“Now there is at Jerusalem by the sheep market a pool, which is called in the Hebrew tongue Bethesda, having five porches” (John 5:2).
The pool of Bethesda was said to have a special power to heal the sick. People in Jesus‘ time believed that an angel would sometimes trouble the water there and whoever jumped into the water first would be healed of any disease they had (John 5:3-4). This may have just been a legend or folklore that people believed in desperation to find relief from their disease. In any case, neither an angel nor any troubled water were responsible for healing in this story.
The man who was healed at the pool of Bethesda is said to have an infirmity which is an illness or weakness for 38 years. This man desperately wanted to find healing and tried repeatedly to be the first to jump into the supposed healing waters at Bethesda.
Jesus saw this man and had compassion on him. Jesus knew that only He was able to heal and give true relief. He asked the man “wilt thou be made whole?” (vs. 6). Jesus knew the desires of the man’s heart, but asked the question in order to get to the root of the man’s problem. Instead of saying a resounding Yes, the man responds, “Sir, I have no man, when the water is troubled, to put me into the pool: but while I am coming, another steppeth down before me” (John 5:7).
The true nature of this man’s problem was that he was looking for healing water in the world that could not really cure him. He thought what he needed was a physical person to help him attain this healing. Jesus wanted to show him that what he really needed was the Son of Man who could give healing of both body and soul (Isaiah 55).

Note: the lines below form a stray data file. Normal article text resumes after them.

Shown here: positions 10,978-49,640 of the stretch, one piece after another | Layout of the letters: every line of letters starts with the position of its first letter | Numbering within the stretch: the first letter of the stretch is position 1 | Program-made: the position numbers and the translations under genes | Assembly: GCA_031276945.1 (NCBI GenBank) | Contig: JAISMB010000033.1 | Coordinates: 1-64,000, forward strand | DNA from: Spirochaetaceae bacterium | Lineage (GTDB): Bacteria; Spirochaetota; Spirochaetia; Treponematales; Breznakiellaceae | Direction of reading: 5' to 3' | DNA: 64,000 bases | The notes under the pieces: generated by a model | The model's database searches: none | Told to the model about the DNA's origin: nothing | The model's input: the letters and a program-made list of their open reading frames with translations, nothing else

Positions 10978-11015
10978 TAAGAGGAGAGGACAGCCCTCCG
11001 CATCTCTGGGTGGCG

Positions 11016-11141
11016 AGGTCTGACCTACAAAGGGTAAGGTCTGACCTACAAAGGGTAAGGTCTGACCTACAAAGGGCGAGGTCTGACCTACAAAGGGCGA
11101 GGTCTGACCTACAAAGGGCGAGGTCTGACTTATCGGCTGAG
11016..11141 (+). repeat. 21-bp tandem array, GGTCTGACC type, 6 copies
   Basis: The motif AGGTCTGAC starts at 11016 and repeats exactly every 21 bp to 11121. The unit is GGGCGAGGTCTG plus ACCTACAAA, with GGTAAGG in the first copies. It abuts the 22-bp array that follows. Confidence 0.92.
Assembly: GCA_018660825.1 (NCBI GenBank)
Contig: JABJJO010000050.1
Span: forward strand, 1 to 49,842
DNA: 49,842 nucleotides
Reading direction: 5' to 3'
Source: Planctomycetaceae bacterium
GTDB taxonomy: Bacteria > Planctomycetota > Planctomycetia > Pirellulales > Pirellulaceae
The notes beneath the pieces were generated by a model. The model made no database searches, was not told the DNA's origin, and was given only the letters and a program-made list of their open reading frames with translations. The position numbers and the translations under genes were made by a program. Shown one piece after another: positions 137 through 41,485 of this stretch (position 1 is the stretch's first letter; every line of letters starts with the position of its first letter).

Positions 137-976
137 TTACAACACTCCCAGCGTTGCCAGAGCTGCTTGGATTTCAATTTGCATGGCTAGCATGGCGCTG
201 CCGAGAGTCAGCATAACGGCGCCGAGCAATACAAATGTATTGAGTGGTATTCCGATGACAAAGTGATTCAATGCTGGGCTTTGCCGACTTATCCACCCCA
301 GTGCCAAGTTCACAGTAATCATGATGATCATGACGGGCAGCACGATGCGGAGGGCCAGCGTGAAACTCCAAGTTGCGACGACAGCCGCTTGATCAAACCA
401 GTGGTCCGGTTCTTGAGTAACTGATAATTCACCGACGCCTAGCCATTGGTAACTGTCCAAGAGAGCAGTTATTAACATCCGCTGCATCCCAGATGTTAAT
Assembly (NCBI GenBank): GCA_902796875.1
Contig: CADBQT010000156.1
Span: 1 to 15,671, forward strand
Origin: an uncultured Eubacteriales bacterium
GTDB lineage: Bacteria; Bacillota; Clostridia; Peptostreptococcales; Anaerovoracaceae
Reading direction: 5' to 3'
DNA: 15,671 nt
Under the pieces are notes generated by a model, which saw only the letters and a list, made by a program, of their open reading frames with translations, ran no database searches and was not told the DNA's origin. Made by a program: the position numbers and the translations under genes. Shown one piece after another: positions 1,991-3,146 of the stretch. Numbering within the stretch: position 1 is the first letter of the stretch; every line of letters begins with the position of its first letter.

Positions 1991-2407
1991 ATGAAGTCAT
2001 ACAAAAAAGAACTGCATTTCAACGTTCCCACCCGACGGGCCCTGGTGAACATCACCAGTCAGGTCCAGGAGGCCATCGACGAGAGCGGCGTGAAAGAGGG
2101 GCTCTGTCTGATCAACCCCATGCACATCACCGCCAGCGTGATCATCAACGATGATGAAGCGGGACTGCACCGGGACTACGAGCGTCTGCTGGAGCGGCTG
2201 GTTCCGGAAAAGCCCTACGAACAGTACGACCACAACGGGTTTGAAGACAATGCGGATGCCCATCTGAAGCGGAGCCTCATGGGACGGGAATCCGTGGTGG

Jesus simply tells the man to “rise, take up your bed and walk” (Vs. 8). When Jesus spoke the word, the man was made whole and obeyed Jesus’ command (Vs. 9). This is an important lesson to all those who desire true healing. Jesus alone can heal and restore us. We should look to God as our solution in all things (Proverbs 3:5-6). It is also a lesson in faith. While Jesus made the man whole, he had to believe that he was healed in order to obey Jesus’ commands. Faith is taking God at his word (Galatians 3:6-7). We must believe and act on the promises of God to see the results in our lives. If we want to be forgiven, we can have this assurance no matter how we feel (1 John 1:9). If we want assurance of salvation, we can know that we have it by faith in His promise (Titus 1:2).
Jesus later finds the man in the temple and tells him to “sin no more, lest a worse thing come unto thee” (Vs. 14). This is a solemn warning to those who receive the healing, physical or spiritual, from God. Jesus desires those who follow Him to keep His commandments, as sin is the breaking of His law (1 John 3:4, John 14:15). Jesus gives this warning out of love to this man to prevent any worse suffering. So it is with all of God’s children. He desires those who have experienced His healing to keep the things that we have heard and live out a life of obedience to Him by faith (Hebrews 10:38).
The miracle at the pool of Bethesda was not only the physical healing of this sick man’s body but healing of the sin-sick soul. May we find true healing in the only Man, Christ Jesus, who can give us healing water to restore our souls. “… And whosoever will, let him take the water of life freely” (Revelation 22:17).
In His service,
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